Bilingual path has parents, kids happy
By Diane Carman
Denver Post Columnist
January 14, 2003
For Thanksgiving, Patrick Ridgeway and his family went to Mexico. It was a typical vacation
except for one thing: Their interpreter was a 5-year-old who grew up in their English-speaking
Their daughter, Nora, is in her second year at the Academia Ana Marie Sandoval and, while
it's overstating it to suggest she's ready for simultaneous translation work, the kindergartner is
well on her way to being comfortably bilingual and eagerly multicultural.
Oh, and she's learning to read, too."It's incredible," said Ridgeway, who's not just proud - he's
envious.Ridgeway, who was among dozens of activists who lobbied Denver Public Schools for
the creation of the dual-language Montessori School, said he objects to the no-frills,
one-size-fits-all approach to education that has swept the country in recent years. He wanted
something different for his daughter."The global economy requires a different approach," he
said. "We wanted her to be prepared."
Gradually, as word of the Academia's program ripples across northwest Denver, more parents
are clamoring for dual-language education."It's an emerging movement," Ridgeway said. "We're
getting lots of calls - especially now that Amendment 31 failed."Academia parents were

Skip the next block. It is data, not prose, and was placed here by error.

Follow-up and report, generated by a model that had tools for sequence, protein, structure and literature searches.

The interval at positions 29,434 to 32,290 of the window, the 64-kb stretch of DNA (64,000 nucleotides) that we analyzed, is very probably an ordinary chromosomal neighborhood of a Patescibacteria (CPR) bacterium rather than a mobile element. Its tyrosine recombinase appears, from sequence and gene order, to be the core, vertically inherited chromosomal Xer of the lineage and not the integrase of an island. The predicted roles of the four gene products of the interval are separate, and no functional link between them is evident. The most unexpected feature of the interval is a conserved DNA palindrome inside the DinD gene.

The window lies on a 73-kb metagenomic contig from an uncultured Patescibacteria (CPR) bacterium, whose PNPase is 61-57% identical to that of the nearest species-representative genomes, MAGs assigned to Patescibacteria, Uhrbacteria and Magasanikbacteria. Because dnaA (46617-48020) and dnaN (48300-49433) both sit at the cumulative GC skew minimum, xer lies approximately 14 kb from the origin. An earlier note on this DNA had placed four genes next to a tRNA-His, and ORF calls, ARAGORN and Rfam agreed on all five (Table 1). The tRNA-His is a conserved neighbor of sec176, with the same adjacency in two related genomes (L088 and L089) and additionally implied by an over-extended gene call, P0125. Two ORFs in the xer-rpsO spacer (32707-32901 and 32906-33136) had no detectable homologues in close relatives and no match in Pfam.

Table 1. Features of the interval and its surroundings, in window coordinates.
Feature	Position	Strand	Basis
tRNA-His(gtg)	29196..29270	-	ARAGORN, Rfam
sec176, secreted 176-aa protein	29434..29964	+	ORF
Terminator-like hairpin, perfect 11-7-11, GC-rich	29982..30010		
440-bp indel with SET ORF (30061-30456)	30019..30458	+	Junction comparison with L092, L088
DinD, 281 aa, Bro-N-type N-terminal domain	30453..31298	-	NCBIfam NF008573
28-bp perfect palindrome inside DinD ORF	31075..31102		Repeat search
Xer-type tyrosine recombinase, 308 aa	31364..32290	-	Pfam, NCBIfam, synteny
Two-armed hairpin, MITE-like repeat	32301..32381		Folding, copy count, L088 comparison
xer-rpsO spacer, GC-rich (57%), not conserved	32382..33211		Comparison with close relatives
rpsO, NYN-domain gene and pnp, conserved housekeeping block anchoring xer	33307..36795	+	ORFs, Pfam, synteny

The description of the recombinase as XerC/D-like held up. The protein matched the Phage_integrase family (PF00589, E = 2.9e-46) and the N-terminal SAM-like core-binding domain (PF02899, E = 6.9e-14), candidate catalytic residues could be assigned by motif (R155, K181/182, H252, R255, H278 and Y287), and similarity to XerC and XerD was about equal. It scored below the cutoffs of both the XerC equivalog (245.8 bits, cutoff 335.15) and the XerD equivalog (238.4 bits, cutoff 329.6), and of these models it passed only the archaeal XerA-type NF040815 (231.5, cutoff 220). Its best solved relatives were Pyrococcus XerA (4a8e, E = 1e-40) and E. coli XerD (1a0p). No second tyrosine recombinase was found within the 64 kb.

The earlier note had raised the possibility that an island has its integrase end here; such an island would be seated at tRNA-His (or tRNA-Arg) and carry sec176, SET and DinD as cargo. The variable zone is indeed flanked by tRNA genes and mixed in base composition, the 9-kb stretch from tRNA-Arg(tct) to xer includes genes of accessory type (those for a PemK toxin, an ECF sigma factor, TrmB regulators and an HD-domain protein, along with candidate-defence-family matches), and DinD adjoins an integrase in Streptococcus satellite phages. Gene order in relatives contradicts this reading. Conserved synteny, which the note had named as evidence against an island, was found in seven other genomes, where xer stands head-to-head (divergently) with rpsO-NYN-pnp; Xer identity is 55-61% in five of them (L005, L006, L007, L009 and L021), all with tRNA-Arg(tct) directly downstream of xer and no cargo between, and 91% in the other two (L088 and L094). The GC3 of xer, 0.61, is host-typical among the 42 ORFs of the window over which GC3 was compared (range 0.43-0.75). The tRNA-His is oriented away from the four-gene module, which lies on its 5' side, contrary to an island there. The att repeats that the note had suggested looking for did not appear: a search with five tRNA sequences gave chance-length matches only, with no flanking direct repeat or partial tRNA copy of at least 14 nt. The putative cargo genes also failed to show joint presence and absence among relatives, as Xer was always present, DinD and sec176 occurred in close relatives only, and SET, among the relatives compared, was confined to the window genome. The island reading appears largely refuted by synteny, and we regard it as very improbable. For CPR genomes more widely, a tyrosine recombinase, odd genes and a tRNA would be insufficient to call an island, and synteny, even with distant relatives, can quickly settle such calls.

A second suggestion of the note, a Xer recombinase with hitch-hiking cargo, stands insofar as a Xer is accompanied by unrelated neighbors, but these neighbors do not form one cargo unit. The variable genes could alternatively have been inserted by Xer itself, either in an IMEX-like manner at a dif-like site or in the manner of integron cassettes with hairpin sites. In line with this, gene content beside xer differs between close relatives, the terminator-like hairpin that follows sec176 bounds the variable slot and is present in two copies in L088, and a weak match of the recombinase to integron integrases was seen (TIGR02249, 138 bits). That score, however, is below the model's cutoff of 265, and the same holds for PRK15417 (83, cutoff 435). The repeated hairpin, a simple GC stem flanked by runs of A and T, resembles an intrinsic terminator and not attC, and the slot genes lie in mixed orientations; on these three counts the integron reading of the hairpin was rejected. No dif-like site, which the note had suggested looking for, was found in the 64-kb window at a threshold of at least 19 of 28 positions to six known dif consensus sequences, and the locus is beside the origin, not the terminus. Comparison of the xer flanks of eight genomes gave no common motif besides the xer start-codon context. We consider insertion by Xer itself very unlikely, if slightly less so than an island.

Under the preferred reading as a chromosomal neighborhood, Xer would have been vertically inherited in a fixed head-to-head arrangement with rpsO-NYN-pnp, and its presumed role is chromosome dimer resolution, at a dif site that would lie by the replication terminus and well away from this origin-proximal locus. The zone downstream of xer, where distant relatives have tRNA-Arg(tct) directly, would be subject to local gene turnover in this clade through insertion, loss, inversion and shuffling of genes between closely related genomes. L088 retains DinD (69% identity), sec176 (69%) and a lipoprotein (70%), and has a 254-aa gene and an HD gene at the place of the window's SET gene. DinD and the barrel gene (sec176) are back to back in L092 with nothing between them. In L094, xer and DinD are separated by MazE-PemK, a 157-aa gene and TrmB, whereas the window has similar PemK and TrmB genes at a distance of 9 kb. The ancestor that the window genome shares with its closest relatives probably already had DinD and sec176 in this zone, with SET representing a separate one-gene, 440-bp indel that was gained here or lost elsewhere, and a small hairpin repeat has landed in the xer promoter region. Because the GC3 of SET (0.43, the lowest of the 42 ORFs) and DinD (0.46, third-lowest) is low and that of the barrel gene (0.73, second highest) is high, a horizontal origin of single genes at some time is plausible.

among the most ardent opponents to the English-only initiative. "That would have
destroyed our school," Ridgeway said. "We had to stop it."
JoAnn Trujillo-Hays, principal at Academia Sandoval, explained the program as step-by-step
immersion.Of the 215 children enrolled, 45 percent are native Spanish speakers and 55 percent
are English speakers.They start with the 3-year-olds, teaching 75 percent of their classes in
their native language and 25 percent in the second language. By fourth grade, the ratio will be
50/50. Ultimately, every child is expected to be fluent in reading, writing and speaking both
Spanish and English.
"I consider being bilingual just a start for these children," Trujillo-Hays said. "Once they learn
two languages, additional languages will come easily for them."
While the language skills are important to the parents, even more valuable is the sense of
community that has developed - not only among the culturally diverse children but among their
parents."We're forging friendships and working together to build a community," Ridgeway said.
"As parents, we're working for a common future for our children."
Trujillo-Hays said that at this point, little public money is involved at Sandoval. Tuition covers
the costs for all of the children in preschool and part of the costs for the full-day kindergarten.
Next year, when the older children move up, public funds will cover all the costs of first
grade."But this is not just a school for middle-class and upper-class children who can afford to
pay," she said. Foundations and private donors have been generous. "We have more children
receiving scholarships than we have children paying tuition."And just because parents, students
and teachers are happy doesn't mean the school will be deemed a success.
The next hurdle will come when the children start to face state-mandated tests. Trujillo-Hays
said she's confident they will perform well.
For parents such as Ridgeway, though, the CSAPs are all but irrelevant.After all, Nora passed
the Mexico excitement test. And right now, that's the only one that matters.